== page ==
Friday, July 06, 2012

Record heatwave moves east

New Yorkers flock to Coney Island Beach in triple digit heat.
The story continues to be sweltering temperatures from the deep southern US across the Ohio Valley and Middle Atlantic and into the Great Lakes, Northeast, Ontario and Quebec. Excessive heat advisories and humidex warnings are in place across two provinces including Montreal and at least 20 states as temperatures are generally expected to settle in between 32 and 37C (90-100F) today. That includes Montreal at 32C, we are already at 23C, Toronto at 36C and Windsor/Detroit at 37C. There may be a little relief in the form of a thunderstorm especially in southern Ontario and Quebec. Some relief is on the way for our region as temperatures moderate into the weekend with an outside chance of showers and thunderstorms. Montreal is looking at daytime highs around 28C through Sunday. Looking ahead at the middle and end of the month, it looks like more of the same, hot and dry. The heat is forecast to surge into the west next week with southern Saskatchewan and Manitoba hitting the mid 30's.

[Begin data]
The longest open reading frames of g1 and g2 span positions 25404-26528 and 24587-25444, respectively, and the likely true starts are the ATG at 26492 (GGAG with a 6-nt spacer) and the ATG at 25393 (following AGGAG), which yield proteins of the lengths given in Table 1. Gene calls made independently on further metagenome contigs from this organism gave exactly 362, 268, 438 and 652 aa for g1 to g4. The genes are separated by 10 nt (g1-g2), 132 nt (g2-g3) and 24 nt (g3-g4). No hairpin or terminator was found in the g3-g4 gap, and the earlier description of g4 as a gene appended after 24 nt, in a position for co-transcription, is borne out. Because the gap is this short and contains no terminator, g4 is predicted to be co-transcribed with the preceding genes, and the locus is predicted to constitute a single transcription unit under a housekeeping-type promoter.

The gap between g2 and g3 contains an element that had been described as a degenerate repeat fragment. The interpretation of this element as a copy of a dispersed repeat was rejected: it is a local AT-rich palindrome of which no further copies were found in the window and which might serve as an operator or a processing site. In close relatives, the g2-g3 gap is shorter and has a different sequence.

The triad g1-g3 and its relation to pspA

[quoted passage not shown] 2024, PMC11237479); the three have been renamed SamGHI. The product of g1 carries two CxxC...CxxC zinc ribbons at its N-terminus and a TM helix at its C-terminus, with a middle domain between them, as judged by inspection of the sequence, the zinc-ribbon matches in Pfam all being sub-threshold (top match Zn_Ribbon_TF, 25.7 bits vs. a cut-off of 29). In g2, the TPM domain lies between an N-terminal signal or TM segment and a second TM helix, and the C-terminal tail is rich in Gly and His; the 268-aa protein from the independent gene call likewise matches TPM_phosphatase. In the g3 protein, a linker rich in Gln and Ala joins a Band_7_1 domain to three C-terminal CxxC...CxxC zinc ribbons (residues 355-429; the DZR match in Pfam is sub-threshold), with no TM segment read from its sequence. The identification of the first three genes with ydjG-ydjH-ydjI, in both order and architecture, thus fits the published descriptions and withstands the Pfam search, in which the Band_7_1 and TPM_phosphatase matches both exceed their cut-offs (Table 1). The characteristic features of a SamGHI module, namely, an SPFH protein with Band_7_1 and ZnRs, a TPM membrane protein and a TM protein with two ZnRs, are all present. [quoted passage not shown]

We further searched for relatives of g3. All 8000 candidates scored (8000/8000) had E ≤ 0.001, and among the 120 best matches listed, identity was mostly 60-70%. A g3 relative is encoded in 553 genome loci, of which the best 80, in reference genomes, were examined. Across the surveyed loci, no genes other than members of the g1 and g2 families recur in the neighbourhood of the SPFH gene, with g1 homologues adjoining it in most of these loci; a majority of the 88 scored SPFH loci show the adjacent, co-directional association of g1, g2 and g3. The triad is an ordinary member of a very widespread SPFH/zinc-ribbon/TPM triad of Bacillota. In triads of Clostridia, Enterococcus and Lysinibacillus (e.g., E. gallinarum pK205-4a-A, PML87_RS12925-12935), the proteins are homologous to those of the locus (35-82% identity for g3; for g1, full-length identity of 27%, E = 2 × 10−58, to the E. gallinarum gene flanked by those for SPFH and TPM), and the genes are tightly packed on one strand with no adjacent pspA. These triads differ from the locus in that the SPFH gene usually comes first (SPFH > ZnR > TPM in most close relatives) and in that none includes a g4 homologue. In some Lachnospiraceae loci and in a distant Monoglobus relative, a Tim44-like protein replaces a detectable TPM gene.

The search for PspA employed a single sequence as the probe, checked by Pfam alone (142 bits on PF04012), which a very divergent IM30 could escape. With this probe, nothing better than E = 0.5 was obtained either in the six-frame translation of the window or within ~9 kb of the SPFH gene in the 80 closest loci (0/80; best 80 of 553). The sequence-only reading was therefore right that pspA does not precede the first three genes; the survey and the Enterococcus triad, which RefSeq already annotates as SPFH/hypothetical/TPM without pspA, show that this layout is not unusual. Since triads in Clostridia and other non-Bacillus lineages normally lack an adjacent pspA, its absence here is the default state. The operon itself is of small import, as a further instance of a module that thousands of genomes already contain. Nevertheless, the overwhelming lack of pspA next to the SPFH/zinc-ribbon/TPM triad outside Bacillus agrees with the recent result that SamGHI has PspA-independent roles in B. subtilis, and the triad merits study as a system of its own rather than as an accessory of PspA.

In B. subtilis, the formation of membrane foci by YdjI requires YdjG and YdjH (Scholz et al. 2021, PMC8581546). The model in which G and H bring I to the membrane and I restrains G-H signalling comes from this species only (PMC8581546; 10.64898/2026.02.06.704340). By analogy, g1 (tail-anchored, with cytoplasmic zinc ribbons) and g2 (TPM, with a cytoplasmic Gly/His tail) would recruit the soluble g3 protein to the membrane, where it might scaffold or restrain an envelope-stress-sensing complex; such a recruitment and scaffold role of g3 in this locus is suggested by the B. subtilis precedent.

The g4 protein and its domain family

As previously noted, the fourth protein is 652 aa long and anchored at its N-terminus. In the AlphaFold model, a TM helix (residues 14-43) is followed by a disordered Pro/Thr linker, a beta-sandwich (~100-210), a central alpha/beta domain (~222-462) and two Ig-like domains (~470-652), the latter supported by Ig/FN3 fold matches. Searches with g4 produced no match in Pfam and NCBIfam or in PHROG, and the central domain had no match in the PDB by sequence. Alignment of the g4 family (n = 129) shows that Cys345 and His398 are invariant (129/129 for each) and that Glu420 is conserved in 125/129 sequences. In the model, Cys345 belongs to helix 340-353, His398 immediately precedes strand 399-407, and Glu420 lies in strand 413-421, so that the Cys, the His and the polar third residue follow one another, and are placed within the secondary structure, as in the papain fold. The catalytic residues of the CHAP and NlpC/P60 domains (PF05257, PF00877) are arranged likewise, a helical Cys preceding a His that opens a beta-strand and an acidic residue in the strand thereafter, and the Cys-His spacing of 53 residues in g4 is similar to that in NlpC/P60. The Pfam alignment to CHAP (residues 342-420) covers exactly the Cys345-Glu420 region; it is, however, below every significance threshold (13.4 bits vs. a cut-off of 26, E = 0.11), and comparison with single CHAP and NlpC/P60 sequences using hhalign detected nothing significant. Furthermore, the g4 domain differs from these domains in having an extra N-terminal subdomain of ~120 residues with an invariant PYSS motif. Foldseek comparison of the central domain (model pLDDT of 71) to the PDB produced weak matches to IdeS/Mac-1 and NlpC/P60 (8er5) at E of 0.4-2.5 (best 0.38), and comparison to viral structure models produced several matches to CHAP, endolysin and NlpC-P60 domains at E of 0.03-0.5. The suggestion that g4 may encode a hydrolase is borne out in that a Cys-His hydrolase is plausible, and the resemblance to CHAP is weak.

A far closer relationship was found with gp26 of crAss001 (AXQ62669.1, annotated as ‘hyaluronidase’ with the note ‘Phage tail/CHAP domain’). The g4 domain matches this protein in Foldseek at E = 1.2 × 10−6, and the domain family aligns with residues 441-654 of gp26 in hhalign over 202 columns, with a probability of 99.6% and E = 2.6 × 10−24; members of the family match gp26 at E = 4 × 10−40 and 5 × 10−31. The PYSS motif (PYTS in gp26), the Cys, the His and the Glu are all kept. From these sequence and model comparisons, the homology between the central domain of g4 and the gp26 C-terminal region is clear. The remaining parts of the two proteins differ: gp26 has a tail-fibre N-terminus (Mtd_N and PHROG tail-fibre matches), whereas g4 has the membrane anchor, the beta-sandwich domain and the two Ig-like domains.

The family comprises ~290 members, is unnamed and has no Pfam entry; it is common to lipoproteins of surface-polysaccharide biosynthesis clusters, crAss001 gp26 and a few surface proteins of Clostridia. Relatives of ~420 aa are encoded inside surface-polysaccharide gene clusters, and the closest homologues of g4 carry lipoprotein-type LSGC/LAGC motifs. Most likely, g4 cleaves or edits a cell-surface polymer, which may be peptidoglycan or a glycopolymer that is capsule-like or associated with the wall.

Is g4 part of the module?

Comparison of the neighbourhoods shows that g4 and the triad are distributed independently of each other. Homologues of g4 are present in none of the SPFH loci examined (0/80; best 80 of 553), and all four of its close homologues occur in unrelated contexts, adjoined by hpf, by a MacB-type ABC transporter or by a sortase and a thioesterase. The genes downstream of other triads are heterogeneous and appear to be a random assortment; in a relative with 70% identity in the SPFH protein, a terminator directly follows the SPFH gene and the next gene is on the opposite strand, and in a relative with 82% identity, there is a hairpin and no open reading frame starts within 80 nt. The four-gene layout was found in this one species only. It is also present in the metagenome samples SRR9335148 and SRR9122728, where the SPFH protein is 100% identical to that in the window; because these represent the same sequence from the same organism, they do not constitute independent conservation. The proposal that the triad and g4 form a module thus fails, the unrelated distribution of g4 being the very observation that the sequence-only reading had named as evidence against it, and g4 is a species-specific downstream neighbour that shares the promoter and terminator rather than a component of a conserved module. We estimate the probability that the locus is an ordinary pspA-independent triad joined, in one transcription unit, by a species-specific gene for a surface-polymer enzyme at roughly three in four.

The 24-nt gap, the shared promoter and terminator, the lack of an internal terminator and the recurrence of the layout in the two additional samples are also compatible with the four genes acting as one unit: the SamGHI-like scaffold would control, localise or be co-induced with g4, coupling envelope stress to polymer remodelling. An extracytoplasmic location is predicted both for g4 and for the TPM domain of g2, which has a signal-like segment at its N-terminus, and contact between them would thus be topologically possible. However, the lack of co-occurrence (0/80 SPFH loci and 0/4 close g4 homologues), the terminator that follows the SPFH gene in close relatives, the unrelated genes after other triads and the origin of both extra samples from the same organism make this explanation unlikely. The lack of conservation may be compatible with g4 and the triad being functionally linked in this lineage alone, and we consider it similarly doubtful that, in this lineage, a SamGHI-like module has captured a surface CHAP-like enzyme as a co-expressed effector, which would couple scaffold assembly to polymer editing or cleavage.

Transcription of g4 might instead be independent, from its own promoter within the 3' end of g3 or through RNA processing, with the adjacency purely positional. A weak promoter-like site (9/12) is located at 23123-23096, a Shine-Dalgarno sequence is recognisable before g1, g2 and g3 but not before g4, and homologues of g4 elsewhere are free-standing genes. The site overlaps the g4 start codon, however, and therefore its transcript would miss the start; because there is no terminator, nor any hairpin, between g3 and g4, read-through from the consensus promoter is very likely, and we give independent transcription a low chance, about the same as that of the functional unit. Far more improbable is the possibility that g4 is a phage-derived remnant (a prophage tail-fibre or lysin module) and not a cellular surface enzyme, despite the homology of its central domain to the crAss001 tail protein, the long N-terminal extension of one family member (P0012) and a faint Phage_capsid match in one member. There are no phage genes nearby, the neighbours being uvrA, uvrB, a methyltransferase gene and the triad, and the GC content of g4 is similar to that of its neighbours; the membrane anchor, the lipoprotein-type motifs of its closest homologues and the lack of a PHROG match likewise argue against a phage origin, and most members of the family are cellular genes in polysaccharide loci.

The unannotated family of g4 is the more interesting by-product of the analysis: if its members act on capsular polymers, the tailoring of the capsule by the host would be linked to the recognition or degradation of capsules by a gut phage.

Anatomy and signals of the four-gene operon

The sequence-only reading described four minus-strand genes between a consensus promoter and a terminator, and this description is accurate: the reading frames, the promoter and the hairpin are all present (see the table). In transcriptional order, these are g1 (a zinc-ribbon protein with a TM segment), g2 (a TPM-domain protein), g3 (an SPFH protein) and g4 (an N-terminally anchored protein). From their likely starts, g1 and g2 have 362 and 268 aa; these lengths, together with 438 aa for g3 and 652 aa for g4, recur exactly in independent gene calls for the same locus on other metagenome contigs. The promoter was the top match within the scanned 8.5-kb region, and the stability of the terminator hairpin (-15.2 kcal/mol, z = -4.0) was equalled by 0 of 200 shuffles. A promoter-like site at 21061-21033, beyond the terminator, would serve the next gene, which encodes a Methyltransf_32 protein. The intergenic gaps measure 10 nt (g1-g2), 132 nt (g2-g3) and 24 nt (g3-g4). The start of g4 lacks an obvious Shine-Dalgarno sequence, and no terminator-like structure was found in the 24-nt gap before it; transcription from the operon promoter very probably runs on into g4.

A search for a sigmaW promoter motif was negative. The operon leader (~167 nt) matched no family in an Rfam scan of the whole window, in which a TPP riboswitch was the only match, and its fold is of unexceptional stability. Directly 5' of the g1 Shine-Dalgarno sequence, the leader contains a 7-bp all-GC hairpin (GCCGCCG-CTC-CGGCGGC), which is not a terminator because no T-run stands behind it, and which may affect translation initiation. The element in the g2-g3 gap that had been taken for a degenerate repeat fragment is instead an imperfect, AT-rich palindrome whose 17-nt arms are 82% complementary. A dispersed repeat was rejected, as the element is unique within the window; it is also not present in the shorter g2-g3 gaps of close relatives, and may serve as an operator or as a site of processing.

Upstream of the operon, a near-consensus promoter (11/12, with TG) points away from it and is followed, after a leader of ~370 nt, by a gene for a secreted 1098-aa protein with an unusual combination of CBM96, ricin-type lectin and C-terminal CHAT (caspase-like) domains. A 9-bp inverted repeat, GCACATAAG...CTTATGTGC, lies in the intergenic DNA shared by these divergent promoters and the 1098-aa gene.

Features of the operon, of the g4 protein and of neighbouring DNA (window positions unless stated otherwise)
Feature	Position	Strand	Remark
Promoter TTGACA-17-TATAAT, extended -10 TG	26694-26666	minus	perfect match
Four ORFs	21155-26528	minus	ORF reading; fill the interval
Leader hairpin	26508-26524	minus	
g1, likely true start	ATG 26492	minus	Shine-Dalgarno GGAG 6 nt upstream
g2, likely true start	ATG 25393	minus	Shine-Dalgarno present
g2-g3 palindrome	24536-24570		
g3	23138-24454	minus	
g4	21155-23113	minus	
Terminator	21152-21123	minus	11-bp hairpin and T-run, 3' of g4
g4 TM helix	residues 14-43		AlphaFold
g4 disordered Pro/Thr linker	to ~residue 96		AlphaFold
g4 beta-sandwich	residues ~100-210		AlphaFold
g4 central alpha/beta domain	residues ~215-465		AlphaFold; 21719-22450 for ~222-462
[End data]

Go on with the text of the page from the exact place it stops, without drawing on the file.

Montreal has been lucky, thunderstorms have helped to keep our rainfall totals at decent levels with 20mm this month and 74mm in June. Meanwhile Toronto has had only 11mm since June 11. The heat has proved deadly in many locations with two dozen deaths blamed on the weather in the US. Heat emergencies are in effect in many major east coast cities and some municipalities remain without power after last Friday's storms.

Flooding from Wednesday's storms in Burlington.
(Glenn Russell - Burlington Free Press)
Just a final not on the Wednesday night thunderstorms in Quebec and Vermont. The storm that produced 83 km/h winds in Montreal raced south of the city as a bow echo. Basically this is a line of thunderstorms shaped like a C bowing out in the middle with very strong and sudden winds. The gusts up over 110km/h tore down trees, capsized boats and flattened corn fields from Lacolle and Hemmingford southeast into Champlain, NY and across northern Vermont and into Burlington.

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